“Murder is not just a crime of lust or violence,” Bundy also explained. “It becomes possession. They are part of you … [the victim] becomes a part of you, and you [two] are forever one … and the grounds where you kill them or leave them become sacred to you, and you will always be drawn back to them.”

Over the next five months, Bundy abducted and murdered five female college students in the Pacific Northwest: Donna Gail Manson, Susan Elaine Rancourt, Roberta Kathleen Parks, Brenda Carol Ball, and Georgann Hawkins.

Ted Bundy Murder Victims

Personal photosTed Bundy’s confirmed victims from January to June 1974.

Responding to this rash of disappearances, police called for a major investigation and enlisted a number of different government agencies to help look for the missing girls. One of these agencies was the Washington State Department of Emergency Services, where Bundy worked throughout these murders. There, Bundy met Carole Ann Boone, a twice-divorced mother of two who he would date on and off for years as the murders continued.

Relocation And Capture

As the manhunt for the abductor continued, more and more witness descriptions pointing to Ted Bundy arose. But as some of his bodies were being discovered in the woods, Bundy was accepted to law school in Utah and moved to Salt Lake City.

There, he continued to rape and murder young women, including a hitchhiker in Idaho and four teenage girls in Utah.

Serial Killer Ted Bundy's Victims

Personal photosThe women Ted Bundy killed in Utah in 1974.

Learning of these murders, as well as Bundy’s relocation to the area in question, Kloepfer called the police a second time to reaffirm her suspicion that Bundy was behind the murders.

While this second warning did not directly lead to Bundy’s arrest, when investigators compiled data related to the Northwestern killings, Bundy’s name came up as one of the prime suspects.

Nevertheless, Bundy continued his killings, journeying to Colorado from his home in Utah to kill more young women there.

Finally, in August 1975, Bundy was pulled over while driving through a Salt Lake City suburb, and police discovered masks, handcuffs, and blunt objects in the car. While this was not enough to arrest him, a police officer, realizing that Bundy was also a suspect in the earlier killings, put him under surveillance.

Serial Killer Ted Bundy's Weapons

Kevin Sullivan/The Bundy Murders: A Comprehensive HistoryObjects found in Ted Bundy’s car.

The officers then found his Beetle that he had since sold, where they discovered hair matching three of his victims. With this evidence, they put him in a lineup, where he was identified by one of the women who he had attempted to abduct.

He was convicted of kidnapping and assault and sent to prison while police attempted to build further murder cases against him.

Ted Bundy’s Escapes And Trial

Ted Bundy In Court

Wikimedia CommonsTed Bundy in court in Florida, 1979.

However, this was not the end of Ted Bundy’s murders.

He was soon able to, for the first of two times in his life, escape from custody. In this first instance in 1977, he escaped from the law library at the courthouse in Aspen, Colo. (he had been allowed into the library, without shackles, because he was serving as his own lawyer during his trial). He was soon recaptured nearby after six days of being on the run.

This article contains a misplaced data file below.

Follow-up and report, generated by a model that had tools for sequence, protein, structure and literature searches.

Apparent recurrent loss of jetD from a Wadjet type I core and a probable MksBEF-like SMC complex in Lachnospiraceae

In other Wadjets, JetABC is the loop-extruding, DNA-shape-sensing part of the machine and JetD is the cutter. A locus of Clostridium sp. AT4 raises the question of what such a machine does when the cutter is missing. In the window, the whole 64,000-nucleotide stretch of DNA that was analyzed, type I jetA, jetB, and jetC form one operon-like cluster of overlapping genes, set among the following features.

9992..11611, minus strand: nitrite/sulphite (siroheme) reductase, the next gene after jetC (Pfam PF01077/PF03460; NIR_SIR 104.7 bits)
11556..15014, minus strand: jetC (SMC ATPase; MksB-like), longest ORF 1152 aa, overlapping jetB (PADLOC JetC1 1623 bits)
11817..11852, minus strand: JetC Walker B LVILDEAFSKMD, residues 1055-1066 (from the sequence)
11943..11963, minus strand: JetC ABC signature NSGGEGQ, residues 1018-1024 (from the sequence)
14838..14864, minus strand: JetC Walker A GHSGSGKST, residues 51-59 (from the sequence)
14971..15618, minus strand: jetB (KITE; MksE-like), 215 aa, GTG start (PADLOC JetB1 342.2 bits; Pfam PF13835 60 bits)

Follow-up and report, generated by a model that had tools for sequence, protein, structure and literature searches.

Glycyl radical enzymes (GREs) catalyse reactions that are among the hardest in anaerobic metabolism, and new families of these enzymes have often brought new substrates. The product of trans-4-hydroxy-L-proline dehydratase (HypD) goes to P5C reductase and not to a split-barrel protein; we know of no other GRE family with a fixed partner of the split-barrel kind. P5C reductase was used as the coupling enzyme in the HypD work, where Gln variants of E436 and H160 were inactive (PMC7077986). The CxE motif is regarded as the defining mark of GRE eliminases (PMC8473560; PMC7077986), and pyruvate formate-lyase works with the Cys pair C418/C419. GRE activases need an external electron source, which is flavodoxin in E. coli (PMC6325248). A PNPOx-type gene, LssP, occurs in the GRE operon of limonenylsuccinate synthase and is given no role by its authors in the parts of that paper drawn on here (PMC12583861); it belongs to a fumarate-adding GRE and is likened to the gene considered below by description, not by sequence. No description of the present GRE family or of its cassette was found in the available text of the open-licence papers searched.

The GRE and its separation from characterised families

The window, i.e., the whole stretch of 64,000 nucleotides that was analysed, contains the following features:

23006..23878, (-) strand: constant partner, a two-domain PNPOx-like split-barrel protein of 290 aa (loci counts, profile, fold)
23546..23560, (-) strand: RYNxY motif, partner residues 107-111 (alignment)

Bundy’s next escape would have far worse consequences. Six months after his first escape, he escaped again (this time via a crawl space in the ceiling he’d created with a saw) and made his way down to Florida.

There, on January 15, 1978, two weeks after his escape, Bundy broke into a Chi Omega sorority house on the Florida State University campus.

Within the span of just 15 minutes, he sexually assaulted and killed Margaret Bowman and Lisa Levy, and assaulted Kathy Kleiner and Karen Chandler, who both suffered horrific injuries.

Ted Bundy's Sorority Victims

Wikimedia CommonsThe two women that Ted Bundy killed at FSU’s Chi Omega sorority house.

Still on the run on February 8, Bundy abducted 12-year-old Kimberly Diane Leach from her middle school and murdered her.

A week later, he was caught by police, who found physical evidence linking Bundy to the FSU crimes, in a stolen car. “I wish you had killed me,” he said.

Throughout his ensuing trial, Bundy sabotaged himself by ignoring the advice of his lawyers and taking charge of his own defense. Even those associated with that defense would later reveal their true thoughts about Bundy.

“I would describe him being as close to being like the devil as anyone I ever met,” said defense investigator Joseph Aloi.

He was ultimately convicted and placed on death row at Florida’s Raiford Prison, where he suffered abuse from other prisoners (including a gang rape by four men, some sources say) and also conceived a child with Carole Ann Boone, who he’d married while his trial was happening.

Bundy was finally executed by electric chair on January 24, 1989. Hundreds of people gathered outside the courthouse to celebrate his death.

“For everything he did to the girls — the bludgeoning, the strangulation, humiliating their bodies, torturing them — I feel that the electric chair is too good for him,” said Eleanor Rose, the mother of victim Denise Naslund.

Ted Bundy Execution Party

Bettmann/Getty ImagesFSU’s Chi Phi fraternity celebrates the execution of Ted Bundy with a large banner that says, “Watch Ted Fry, See Ted Die!” as they prepare for an evening cookout where they will serve “Bundy burgers” and “electrified hot dogs.” 1989.

Though he confessed to many of his murders before his death, the complete victim count remains unknown. Meanwhile, Bundy denied certain killings, despite physical evidence tying him to the crimes.

Ultimately, all of this has led to victim counts ranging between 30 and 40. However many people he did kill, Ted Bundy remains one of the most infamous and terrifying serial killers in American history to this day — and perhaps “the very definition of heartless evil.”


After reading about Ted Bundy, learn how Ted Bundy helped catch Gary Ridgway, perhaps America’s deadliest serial killer. Then, read the story of serial killer Edmund Kemper, whose story seems almost too gruesome to be true.

Gabe Paoletti
Gabe is a New York City-based writer and an Editorial Intern at All That Is Interesting.